Input-line-current synthesis in PFC control

Maurizio Salato, Director of Systems Engineering, Vicor


Digital-control method improves PFC performance

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Figure 1: Converter input power vs. line current with a symmetric conduction angle, constant current peak and resistive load.

Traditionally, PFC (power-factor-correction) controls present a purely resistive behavior with respect to the power line. By means of multiplier or equivalent blocks, front-end converters draw a current the shape of which closely follows the input line voltage. This approach presents one issue: the converters operate over a condition range that is far from optimal, particularly in close proximity of the power line's zero crossing. An alternative approach implements a digital control that forces a particular line-current shape, which avoids the issue while meeting all applicable EMI and EMC standards. Moreover, an improved algorithm reduces line-voltage harmonic propagation to the line. Background Circuit designers have addressed PFC control in a variety of ways over the last twenty years. The majority focus has always been on the quality of converter's control technique and the result in terms of PF and input-current THD (total harmonic distortion). While the most common converter topology has been the non-isolated boost, the need for isolated low-output-voltage products led to the development of single-stage isolated topologies. Design constraints add up quickly, however, and force less-than-optimal component sizes and ratings. To minimize those constraints, more recent research focuses on radical approaches that actively modulate some reactive elements. These methods achieve better performance at the expense of available headroom on power factor and line-current THD with respect to IEC standards. In both the industrial and consumer environments, electricity is processed from raw AC, as distributed to homes and industrial plants, to a variety of DC levels. As electronic converters overcome the number of linear loads, such as incandescent lighting or heating, the need for PFC arises to avoid unnecessary losses on the power-distribution system and to meet the stringent regulations utility providers enforce. There are several traditional PFC approaches within consumer and industrial markets. These include distributed active PFCs within individual equipment such as PCs, washing machines, and TV sets in contrast to centralized, plant-level devices such as active power-quality compensators. The approach the consumer market takes is rapidly expanding into industrial segments, where it's become more effective to deploy equipment with embedded PFC. In fact, industrial plants today include a diverse set of equipment: uncompensated non-linear electronic loads and PFC-managed ones. The control system that PFCs such as Vicor's PFM use avoid propagating spurious harmonics legacy electronic loads generate and provide significant benefits to the utility line in terms of overall power quality. Avoid operation near power minima Every switch-mode power supply presents an efficiency curve that quickly approaches zero when minimal power is processed. In PFC applications, the goal is to present a purely resistive behavior with respect to the input line, aiming for sinusoidal input power to the converter. The nature of this task implies a variety of tradeoffs:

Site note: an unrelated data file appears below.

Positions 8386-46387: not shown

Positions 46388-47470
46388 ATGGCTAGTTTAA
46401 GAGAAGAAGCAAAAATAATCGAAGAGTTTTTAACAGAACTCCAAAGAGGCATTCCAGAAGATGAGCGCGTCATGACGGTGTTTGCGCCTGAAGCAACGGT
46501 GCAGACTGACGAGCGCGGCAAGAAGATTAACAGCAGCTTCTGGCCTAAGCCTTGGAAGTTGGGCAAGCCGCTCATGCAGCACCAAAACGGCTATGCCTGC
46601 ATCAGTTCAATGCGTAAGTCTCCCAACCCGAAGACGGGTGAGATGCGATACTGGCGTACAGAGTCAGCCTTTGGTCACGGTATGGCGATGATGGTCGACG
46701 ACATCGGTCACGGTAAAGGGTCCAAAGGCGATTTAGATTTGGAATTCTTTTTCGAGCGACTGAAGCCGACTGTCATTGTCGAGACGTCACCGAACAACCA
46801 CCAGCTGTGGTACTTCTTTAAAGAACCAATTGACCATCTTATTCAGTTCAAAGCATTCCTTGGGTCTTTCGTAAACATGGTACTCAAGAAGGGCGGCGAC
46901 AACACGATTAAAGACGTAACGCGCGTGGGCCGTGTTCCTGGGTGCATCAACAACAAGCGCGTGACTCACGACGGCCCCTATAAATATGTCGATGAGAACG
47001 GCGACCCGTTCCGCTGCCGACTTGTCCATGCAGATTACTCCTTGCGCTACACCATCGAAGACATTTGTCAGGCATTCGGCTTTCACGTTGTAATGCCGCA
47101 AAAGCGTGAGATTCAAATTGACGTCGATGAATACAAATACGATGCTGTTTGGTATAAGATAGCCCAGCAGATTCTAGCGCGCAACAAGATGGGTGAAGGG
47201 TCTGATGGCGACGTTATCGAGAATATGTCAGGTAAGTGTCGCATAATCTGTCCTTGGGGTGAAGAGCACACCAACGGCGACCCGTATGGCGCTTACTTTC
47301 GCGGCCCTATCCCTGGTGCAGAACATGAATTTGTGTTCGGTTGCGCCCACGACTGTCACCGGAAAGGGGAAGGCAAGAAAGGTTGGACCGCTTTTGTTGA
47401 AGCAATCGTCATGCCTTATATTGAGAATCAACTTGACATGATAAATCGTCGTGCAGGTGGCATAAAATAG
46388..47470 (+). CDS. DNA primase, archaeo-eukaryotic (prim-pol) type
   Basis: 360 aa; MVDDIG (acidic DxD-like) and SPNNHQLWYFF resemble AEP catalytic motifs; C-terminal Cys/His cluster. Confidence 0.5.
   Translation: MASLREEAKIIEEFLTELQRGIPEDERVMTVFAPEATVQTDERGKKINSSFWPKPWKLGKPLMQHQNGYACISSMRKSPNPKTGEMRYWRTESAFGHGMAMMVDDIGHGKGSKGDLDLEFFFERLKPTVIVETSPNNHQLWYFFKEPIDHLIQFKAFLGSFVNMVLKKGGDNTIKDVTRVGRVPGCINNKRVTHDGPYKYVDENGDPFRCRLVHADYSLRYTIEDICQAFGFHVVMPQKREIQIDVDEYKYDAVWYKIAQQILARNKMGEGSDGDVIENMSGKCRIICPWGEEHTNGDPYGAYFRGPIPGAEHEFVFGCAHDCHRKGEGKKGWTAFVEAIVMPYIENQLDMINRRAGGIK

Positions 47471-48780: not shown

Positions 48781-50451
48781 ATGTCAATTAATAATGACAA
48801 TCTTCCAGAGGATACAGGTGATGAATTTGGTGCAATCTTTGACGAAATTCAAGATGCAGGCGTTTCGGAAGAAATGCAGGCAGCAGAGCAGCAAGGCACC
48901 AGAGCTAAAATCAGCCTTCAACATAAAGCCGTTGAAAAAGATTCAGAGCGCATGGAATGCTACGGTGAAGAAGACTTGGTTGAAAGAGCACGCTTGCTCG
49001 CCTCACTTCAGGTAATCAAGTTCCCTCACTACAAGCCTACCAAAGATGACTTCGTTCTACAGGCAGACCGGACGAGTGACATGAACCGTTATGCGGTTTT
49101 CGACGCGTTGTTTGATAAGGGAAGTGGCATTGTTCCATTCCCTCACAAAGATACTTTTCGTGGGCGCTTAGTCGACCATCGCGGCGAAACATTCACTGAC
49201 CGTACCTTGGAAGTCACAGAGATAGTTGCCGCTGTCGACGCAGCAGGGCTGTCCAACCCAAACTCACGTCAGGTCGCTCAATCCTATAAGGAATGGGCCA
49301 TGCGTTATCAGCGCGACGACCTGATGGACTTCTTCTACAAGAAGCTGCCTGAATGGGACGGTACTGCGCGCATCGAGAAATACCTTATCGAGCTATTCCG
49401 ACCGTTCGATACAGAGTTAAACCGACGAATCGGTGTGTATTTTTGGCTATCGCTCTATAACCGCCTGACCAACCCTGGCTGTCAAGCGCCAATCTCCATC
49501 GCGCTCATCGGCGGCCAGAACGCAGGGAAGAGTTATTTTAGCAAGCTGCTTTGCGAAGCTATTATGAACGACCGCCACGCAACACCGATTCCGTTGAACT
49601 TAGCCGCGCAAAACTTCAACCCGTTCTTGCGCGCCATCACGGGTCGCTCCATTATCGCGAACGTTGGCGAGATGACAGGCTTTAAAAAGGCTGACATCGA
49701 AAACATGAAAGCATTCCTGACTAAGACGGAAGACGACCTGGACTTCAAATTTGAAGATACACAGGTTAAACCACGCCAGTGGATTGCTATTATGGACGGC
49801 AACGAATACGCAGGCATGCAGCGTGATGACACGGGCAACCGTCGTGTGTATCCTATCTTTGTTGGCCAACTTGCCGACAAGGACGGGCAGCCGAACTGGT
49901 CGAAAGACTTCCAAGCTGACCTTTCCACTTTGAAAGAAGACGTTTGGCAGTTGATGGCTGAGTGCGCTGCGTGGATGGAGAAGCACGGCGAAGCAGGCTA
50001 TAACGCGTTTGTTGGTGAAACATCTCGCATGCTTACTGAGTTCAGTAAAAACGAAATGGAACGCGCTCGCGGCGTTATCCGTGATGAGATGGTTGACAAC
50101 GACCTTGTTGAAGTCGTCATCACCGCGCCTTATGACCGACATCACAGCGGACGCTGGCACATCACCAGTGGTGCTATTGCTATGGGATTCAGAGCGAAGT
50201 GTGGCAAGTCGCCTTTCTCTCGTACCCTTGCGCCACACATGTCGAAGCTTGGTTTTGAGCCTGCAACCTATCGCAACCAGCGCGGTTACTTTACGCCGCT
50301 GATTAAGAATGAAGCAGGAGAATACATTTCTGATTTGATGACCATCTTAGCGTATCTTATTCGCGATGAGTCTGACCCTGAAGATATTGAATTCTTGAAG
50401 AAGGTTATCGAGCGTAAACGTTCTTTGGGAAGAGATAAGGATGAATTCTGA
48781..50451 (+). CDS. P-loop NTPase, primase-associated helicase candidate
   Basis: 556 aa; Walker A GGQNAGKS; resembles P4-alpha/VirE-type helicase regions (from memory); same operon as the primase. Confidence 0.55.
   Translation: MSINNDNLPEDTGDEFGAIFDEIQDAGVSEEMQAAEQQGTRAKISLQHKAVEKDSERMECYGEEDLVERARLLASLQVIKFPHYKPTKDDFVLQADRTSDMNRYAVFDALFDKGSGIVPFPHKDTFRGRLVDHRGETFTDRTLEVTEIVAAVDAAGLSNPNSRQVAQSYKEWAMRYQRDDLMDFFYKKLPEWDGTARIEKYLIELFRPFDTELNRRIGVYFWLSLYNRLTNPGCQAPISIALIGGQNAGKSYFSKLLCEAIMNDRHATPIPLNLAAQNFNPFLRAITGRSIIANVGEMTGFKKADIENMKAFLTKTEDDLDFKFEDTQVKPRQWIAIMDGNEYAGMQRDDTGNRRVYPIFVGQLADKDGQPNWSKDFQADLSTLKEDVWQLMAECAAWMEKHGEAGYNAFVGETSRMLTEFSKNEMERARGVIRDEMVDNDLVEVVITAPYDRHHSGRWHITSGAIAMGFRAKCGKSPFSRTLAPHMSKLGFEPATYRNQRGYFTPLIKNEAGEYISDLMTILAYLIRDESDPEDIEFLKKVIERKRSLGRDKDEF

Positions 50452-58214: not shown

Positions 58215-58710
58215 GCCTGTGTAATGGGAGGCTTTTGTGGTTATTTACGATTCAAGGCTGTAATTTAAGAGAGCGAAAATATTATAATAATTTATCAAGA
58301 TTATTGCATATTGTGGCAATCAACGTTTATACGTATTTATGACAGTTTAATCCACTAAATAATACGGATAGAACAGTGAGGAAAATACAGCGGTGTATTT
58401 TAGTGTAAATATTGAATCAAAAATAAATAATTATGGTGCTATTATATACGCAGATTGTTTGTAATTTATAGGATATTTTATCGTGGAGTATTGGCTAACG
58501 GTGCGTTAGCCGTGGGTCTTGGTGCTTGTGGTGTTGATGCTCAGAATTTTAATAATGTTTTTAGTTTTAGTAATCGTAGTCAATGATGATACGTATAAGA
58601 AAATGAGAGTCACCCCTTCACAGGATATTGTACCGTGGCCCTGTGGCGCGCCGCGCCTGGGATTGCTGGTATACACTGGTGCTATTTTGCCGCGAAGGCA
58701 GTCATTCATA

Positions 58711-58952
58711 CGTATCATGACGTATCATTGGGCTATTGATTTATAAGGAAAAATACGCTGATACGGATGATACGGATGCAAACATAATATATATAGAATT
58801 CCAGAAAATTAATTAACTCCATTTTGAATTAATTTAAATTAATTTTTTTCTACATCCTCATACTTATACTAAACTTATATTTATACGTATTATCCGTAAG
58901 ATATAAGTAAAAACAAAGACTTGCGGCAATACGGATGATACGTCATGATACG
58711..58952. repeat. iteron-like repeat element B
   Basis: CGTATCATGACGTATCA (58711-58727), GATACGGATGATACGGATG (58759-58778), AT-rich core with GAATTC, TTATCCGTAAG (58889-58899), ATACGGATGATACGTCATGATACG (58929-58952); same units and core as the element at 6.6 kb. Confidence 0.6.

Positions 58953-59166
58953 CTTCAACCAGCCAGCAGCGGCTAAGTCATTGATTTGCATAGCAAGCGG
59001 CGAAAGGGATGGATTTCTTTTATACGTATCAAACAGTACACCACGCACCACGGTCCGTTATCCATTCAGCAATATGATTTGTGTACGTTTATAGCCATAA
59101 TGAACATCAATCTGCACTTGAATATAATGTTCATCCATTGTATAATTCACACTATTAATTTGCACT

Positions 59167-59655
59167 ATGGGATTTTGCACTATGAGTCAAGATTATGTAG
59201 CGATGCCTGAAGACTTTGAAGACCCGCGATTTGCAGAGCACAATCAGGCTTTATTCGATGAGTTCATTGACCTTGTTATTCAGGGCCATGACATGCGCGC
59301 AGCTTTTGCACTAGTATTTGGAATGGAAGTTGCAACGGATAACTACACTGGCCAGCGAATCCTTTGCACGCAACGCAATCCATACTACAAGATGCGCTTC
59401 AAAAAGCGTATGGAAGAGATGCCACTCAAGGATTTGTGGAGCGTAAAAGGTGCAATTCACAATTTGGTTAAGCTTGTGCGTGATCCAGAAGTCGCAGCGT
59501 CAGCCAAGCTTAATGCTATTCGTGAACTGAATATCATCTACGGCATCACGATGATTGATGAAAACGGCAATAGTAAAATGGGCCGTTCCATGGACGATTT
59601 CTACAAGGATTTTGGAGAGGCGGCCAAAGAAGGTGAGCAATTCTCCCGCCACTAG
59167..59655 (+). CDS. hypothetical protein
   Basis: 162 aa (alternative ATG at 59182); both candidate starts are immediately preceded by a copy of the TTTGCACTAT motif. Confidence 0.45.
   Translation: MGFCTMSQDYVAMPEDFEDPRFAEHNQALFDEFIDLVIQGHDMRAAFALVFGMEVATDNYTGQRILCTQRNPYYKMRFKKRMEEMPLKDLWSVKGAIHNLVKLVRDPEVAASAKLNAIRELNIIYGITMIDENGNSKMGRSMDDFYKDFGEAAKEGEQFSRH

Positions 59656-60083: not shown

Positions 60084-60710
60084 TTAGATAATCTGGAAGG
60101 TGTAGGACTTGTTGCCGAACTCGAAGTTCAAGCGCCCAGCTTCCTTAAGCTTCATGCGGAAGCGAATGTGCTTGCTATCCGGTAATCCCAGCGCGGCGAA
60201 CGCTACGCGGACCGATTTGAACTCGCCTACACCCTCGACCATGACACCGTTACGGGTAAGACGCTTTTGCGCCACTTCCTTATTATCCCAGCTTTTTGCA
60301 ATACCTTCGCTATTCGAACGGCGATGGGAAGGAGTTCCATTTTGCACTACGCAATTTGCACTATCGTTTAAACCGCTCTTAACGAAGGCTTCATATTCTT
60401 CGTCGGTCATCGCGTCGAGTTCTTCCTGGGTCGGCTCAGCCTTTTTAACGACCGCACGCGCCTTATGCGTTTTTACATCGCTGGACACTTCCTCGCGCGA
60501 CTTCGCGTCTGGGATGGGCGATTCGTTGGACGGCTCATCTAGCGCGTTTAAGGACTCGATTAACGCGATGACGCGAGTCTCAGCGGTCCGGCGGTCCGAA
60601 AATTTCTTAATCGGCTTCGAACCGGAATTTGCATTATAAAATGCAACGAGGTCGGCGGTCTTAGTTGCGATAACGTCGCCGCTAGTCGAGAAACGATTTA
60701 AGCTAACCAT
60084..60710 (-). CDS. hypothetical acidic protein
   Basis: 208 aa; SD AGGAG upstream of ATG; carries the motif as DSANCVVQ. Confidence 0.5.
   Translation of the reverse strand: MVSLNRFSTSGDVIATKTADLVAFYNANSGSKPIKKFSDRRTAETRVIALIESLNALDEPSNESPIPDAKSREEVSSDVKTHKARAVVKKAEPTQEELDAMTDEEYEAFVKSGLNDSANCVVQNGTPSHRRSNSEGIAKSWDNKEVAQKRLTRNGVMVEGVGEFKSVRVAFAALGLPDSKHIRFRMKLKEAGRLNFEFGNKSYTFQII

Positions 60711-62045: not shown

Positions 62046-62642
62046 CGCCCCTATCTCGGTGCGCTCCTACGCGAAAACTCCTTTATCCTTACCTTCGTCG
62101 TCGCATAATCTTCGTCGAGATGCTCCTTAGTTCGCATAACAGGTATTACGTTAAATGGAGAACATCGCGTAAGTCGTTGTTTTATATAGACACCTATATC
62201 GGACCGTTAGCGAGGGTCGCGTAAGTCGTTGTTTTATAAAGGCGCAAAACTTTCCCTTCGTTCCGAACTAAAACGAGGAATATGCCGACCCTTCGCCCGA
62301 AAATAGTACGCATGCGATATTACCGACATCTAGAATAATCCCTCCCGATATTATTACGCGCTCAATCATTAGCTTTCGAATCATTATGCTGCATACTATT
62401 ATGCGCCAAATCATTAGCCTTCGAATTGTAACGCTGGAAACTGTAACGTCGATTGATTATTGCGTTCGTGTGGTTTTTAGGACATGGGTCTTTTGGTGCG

• CCM (continuous-conduction mode), constant frequency operation enables optimal powertrain design, but operates the converter efficiency curve close to zero at line crossings.
  • DCM (discontinuous-conduction mode), variable frequency operation enables better efficiency, but the powertrain and magnetics designs are suboptimal.
  • Hybrid approaches such as burst-mode or hysteretic converters present EMC and EMI challenges.
A new technique uses an effective current-modulation angle or dead-band with respect to the line voltage, symmetric around the zero crossing, and based on avoiding the portion of the line cycle not significantly contributing to overall power transfer. Figure 1 shows the relative reduction in power effectively drained from a pure sinusoidal line (resistive load) as a function of a symmetric conduction angle imposed on the input current (orange trace). The blue trace shows that, for example, 15 degrees of electrical angle around the zero crossing are worth just 3% of total available power, but this avoids the lower 25% of the entire line voltage operating range. The impact on the converter is not in avoiding processing the mere 3% of power with lower efficiency, but rather in optimizing powertrain, magnetics, and modulation timing within a narrower voltage range.